That is how you turn strategic plans into execution.

Why Not Focus on Growth?

With so much emphasis on cost control and risk management, I ask you why not focus on growth? That does not mean, nor do I advocate, taking attention away from these other two vital pillars of successful business leadership. It is a fallacy that you can cost and risk contain your way to a better, more sustainable business. Ultimately, you have to return your attention to the top line. I argue that three major themes is a better approach to leadership, especially in this prolonged low growth environment. Done effectively, your business will emerge not only much stronger, but also much larger. This is particularly true because so many others, your competitors, are so busy focusing internally.

Be bold. Look for market share growth. Find new outlets for your products and services. Deepen your relationships with existing customers. You might even find growth by tuning your cost and risk initiatives to focus on delivering the things your customers most need and want – and eliminating what they don’t. This is not a zero sum game. Your team can handle more than one or two major thrusts. Done intelligently, these growth initiatives need not be investment or expense hogs. Face it, more people are energized by customer focused activities than cost control or risk management, and if you can blend them, all the better.

In the end, you need all three, and you can have them. Your ultimate objective is to come away from this a larger entity, with a stronger balance sheet, higher customer loyalty and employee engagement, and a lower risk profile. Who can’t get enthused about that? So get started. Today.

Business Transformation Requires Balance

Successful business transformation requires all the elements outlined in http://independence-associates.com/corporate-strategy/holistic-business-leadership-even-in-matrix-organizations/, but, most importantly, it requires balance. Business transformation is neither a top line, nor a bottom line exercise. A balanced approach is essential, and the relative emphasis will depend upon the situation. There is no doubt, though, that focusing exclusively on growing the top line without any effort on the back of the house, business processes, productivity, cost and risk containment, will ultimately create much more challenging issues, if it works at all. A balanced refresh across the business is the hallmark of truly sustainable business transformation. Ultimately, all aspects of your operation from product or service to go-to-market strategy to business intake and fulfillment to billing and after sale support should get a hard look and refresh. Every constituency should feel the change. I have come to believe that properly executed the steps outlined in http://independence-associates.com/corporate-strategy/holistic-business-leadership-even-in-matrix-organizations/ should not feel forced or dramatic. Rather, the best business transformations feel organic, like a natural evolution, not a sudden revolution. Remain focused and committed to your path and enjoy watching your customer and employee satisfaction scores rise inexorably. To them it just seems better, they may not realize the magnitude of change, and that is ideal. To you, both your top and bottom lines should improve, and your work environment should feel and be better, too.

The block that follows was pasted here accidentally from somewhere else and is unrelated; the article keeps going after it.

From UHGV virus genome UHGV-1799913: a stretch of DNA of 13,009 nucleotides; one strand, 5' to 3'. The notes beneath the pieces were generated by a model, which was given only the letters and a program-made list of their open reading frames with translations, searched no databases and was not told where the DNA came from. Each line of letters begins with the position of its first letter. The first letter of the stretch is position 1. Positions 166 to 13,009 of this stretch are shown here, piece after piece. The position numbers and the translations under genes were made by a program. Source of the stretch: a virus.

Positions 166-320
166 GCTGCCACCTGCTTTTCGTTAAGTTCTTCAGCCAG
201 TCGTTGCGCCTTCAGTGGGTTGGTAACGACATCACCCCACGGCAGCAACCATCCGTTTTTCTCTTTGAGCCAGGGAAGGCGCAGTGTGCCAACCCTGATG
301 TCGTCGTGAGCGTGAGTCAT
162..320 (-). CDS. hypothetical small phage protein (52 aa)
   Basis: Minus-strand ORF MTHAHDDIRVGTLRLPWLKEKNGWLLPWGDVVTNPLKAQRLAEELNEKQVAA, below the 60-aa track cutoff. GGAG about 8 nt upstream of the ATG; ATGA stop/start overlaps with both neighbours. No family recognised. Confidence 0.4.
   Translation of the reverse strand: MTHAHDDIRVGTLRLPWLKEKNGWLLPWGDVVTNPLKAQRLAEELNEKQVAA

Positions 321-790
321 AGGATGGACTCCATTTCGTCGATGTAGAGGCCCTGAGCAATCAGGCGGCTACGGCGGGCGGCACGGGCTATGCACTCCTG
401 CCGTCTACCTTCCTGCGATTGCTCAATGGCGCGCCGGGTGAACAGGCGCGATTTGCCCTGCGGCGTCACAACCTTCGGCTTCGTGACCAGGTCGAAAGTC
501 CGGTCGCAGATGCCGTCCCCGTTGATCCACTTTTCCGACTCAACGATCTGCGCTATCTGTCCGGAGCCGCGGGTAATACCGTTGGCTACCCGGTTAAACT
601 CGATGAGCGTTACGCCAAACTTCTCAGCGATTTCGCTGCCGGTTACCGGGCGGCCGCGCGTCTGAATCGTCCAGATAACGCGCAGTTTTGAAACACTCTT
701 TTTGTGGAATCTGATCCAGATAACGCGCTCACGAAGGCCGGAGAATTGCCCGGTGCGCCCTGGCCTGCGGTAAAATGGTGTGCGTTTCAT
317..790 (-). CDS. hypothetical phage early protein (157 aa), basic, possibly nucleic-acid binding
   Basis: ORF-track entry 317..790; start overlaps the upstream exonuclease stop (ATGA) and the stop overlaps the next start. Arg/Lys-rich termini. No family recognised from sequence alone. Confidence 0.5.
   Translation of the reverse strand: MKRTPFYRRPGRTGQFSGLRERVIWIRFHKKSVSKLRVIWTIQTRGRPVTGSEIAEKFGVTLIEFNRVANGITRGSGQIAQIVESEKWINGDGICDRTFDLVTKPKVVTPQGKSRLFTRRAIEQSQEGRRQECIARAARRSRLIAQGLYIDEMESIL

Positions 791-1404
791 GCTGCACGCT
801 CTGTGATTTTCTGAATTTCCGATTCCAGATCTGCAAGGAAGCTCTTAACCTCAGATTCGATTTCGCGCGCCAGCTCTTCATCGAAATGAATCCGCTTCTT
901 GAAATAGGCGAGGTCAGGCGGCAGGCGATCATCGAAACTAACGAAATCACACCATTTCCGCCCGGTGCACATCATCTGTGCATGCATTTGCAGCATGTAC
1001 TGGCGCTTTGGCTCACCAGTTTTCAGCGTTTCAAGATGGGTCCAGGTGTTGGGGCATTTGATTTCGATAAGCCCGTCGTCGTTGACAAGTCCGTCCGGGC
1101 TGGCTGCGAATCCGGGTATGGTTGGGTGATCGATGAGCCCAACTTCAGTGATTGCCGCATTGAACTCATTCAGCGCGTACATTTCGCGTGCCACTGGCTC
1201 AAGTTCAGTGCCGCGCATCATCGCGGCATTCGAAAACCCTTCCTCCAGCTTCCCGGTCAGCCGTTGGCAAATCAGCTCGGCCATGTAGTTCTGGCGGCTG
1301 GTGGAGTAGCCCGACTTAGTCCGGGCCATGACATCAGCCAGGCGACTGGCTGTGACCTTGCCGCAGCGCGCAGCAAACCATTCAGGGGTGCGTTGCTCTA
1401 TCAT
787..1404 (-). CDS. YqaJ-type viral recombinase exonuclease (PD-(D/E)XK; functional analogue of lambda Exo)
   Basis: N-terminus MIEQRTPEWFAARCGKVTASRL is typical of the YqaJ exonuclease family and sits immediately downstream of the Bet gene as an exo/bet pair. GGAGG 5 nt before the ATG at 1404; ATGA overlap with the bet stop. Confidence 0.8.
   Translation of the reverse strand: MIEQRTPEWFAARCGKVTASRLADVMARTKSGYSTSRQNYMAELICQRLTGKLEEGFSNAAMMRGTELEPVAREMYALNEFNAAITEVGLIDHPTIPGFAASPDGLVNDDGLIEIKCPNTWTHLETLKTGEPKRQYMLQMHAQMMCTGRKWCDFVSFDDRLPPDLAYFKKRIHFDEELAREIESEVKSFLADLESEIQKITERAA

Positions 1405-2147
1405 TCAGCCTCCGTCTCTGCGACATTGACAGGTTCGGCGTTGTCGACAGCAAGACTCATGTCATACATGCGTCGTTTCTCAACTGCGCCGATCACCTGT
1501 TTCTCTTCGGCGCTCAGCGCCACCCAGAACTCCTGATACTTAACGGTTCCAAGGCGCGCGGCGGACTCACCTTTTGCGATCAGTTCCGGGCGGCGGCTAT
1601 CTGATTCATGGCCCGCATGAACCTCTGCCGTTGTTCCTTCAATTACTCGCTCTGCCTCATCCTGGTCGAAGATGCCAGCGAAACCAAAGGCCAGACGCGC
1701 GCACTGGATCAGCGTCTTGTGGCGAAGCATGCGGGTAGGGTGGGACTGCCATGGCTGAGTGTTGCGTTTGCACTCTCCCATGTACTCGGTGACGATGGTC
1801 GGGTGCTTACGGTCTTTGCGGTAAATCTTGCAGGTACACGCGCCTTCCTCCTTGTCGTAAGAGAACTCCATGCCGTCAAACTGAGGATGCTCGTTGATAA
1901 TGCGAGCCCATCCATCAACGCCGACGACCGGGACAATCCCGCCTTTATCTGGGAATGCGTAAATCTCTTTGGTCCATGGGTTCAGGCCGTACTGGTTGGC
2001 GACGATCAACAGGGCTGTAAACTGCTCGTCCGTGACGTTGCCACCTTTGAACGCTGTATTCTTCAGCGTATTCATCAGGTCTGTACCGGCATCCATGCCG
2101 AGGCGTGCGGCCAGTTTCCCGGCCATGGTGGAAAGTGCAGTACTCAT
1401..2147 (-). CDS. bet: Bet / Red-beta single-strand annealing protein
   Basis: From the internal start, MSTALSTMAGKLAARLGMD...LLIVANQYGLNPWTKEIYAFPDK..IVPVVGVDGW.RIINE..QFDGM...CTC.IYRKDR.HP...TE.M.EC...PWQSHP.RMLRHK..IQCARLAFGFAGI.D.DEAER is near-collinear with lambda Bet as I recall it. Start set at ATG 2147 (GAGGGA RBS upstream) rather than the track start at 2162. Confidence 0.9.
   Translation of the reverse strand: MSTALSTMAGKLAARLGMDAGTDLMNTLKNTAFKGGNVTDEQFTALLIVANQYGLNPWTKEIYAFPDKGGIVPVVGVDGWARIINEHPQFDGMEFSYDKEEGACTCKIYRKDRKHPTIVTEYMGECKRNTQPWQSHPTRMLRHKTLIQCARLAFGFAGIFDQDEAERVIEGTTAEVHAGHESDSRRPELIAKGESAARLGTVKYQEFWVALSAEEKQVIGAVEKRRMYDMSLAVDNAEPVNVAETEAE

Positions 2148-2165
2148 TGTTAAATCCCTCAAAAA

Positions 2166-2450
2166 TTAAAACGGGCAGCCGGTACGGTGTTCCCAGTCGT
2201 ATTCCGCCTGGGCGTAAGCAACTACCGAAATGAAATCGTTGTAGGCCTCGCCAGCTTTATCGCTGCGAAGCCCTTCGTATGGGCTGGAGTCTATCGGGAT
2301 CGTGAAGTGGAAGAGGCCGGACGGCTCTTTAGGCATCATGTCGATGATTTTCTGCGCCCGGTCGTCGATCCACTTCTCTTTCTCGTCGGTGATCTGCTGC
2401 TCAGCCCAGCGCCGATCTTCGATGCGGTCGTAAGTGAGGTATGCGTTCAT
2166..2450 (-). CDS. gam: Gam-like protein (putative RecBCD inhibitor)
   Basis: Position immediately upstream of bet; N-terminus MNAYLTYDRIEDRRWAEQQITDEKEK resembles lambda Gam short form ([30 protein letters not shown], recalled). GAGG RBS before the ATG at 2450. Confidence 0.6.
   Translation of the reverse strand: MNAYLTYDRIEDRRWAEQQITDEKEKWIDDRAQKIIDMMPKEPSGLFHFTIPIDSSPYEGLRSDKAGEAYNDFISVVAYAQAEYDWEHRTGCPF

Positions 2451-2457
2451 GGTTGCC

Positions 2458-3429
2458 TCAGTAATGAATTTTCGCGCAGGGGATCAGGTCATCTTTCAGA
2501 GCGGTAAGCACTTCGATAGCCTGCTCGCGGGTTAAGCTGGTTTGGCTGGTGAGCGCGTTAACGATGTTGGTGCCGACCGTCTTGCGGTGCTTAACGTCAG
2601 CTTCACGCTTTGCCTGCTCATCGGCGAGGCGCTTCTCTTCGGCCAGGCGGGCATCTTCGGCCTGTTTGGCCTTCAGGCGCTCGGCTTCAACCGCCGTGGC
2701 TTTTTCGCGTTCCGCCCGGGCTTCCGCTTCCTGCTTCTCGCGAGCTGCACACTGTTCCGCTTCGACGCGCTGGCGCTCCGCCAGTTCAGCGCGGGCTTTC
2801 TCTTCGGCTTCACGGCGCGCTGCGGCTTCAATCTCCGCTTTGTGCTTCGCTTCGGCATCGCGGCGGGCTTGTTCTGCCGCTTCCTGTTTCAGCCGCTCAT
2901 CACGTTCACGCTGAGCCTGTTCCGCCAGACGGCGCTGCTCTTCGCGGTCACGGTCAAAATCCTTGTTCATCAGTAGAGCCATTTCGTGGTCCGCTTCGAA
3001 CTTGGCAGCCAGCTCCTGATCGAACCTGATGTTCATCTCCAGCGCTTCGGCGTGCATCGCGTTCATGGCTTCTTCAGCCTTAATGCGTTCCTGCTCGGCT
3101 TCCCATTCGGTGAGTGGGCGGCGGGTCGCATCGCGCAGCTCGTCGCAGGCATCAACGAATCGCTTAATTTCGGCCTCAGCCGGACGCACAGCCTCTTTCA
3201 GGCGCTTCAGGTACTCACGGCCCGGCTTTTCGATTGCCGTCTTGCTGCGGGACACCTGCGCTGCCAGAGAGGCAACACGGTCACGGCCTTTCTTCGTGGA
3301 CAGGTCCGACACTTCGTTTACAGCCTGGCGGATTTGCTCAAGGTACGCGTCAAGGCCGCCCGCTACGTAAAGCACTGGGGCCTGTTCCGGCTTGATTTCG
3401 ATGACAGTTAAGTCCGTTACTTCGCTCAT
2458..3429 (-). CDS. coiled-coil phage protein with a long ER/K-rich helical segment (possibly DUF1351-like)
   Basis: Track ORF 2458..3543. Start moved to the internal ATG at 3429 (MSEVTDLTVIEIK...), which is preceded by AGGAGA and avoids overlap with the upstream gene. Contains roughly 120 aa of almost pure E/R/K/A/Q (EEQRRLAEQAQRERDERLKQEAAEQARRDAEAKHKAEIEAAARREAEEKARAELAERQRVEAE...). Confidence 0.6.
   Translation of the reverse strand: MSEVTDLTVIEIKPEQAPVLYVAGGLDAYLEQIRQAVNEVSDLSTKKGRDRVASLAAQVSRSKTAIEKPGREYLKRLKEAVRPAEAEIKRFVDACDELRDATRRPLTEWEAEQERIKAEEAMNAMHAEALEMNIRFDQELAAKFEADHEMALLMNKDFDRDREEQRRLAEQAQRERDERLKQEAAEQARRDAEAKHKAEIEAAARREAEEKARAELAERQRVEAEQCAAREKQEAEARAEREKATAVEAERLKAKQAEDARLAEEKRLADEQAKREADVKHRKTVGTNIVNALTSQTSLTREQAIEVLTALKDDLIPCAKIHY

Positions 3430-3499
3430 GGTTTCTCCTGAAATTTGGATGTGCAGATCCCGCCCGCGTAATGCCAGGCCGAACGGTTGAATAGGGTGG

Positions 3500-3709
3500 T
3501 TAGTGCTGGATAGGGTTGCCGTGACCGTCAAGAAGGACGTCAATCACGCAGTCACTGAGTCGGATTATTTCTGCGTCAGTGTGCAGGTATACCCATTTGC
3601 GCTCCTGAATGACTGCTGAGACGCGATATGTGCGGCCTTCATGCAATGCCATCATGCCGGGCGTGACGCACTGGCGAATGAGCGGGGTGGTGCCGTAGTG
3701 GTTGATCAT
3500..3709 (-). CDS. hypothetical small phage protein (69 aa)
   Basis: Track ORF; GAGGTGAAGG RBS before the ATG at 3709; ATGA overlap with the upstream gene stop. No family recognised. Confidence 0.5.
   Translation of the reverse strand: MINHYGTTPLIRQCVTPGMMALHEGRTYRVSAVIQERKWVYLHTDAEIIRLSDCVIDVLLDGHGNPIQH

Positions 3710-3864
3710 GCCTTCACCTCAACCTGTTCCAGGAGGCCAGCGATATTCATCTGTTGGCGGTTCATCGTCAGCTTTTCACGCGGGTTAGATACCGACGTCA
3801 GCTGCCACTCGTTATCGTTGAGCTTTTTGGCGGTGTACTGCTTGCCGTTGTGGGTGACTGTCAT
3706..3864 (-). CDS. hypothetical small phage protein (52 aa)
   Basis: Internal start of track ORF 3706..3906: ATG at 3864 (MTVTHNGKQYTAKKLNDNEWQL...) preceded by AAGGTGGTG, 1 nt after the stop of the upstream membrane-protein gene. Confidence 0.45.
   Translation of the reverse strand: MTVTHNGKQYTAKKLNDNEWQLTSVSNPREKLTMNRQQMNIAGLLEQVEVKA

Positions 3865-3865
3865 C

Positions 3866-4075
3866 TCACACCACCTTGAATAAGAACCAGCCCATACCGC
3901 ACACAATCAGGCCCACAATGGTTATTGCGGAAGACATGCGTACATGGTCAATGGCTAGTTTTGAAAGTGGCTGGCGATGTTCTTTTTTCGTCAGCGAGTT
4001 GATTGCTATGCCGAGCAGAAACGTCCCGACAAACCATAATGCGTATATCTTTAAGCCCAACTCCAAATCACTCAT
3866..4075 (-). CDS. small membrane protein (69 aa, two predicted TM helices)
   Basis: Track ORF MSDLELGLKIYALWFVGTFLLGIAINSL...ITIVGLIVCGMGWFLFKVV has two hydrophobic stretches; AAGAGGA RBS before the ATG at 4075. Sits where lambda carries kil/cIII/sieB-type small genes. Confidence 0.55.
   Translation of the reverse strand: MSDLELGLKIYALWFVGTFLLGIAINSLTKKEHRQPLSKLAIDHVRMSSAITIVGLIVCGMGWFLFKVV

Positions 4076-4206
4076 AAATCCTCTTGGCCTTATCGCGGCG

Organic Growth on a Shoestring Budget

It remains a challenging environment, and you are looking for ways to grow organically without a big boost in your investment or expense budgets. Is it even possible? It is. There are multiple layers of organic growth to capture, often without changing cost structure. It starts with listening. The key to organic growth, incremental budgets or not, is to optimize your organizational strengths and market opportunities. The easiest way to do that is by getting into the organization, being accessible, and listening to front line team members. Then do the same with your customers and prospects. Listen, learn, and get a good sense for what works and what doesn’t. As a bonus, you learn how self-aware your organization is. Be open-minded, strengths may be organizational, ‘your customer support is way better than your competition,’ product related, ‘the xyz feature is unique,’ even intangible, ‘we feel good about our relationship.’ Now, develop a strategy to leverage those strengths, shore up the weaknesses, and promote them as differentiators. A little change of emphasis in your sales & marketing, internal communications, your own behavior (do not let this be a onetime thing, stay visible, stay engaged, keep listening), and maybe your metrics might be enough to change your revenue trajectory.

The next layer of organic growth may also be achievable on your shoestring budget. Listen carefully for opportunities – not just from your customers and prospects, either, your team members know your customers well. You may just uncover underserved or unmet needs. It is entirely possible that modest changes in product or organizational design can create breakthrough differentiators.

It all starts with listening, to your team, your customers and your prospects.

Leadership in Uncertain Times

With the continuing sluggish economy, stubborn unemployment and seemingly intractable partisanship in Washington, it seems more and more certain that this environment truly is the new normal. Just what does that mean for leadership and your personal leadership style? Should you and your business continue to play it safe, stay on the sidelines and hoard cash? With records on Wall Street, corporate profitability and corporate cash hoards, that has been the case so far. I argue it is time we begin moving forward. Face reality, the partisanship in DC is not likely to diminish any time soon because, whatever their logic, the never-ending push for the next election cycle makes demonizing the opposition a favored strategy in both camps.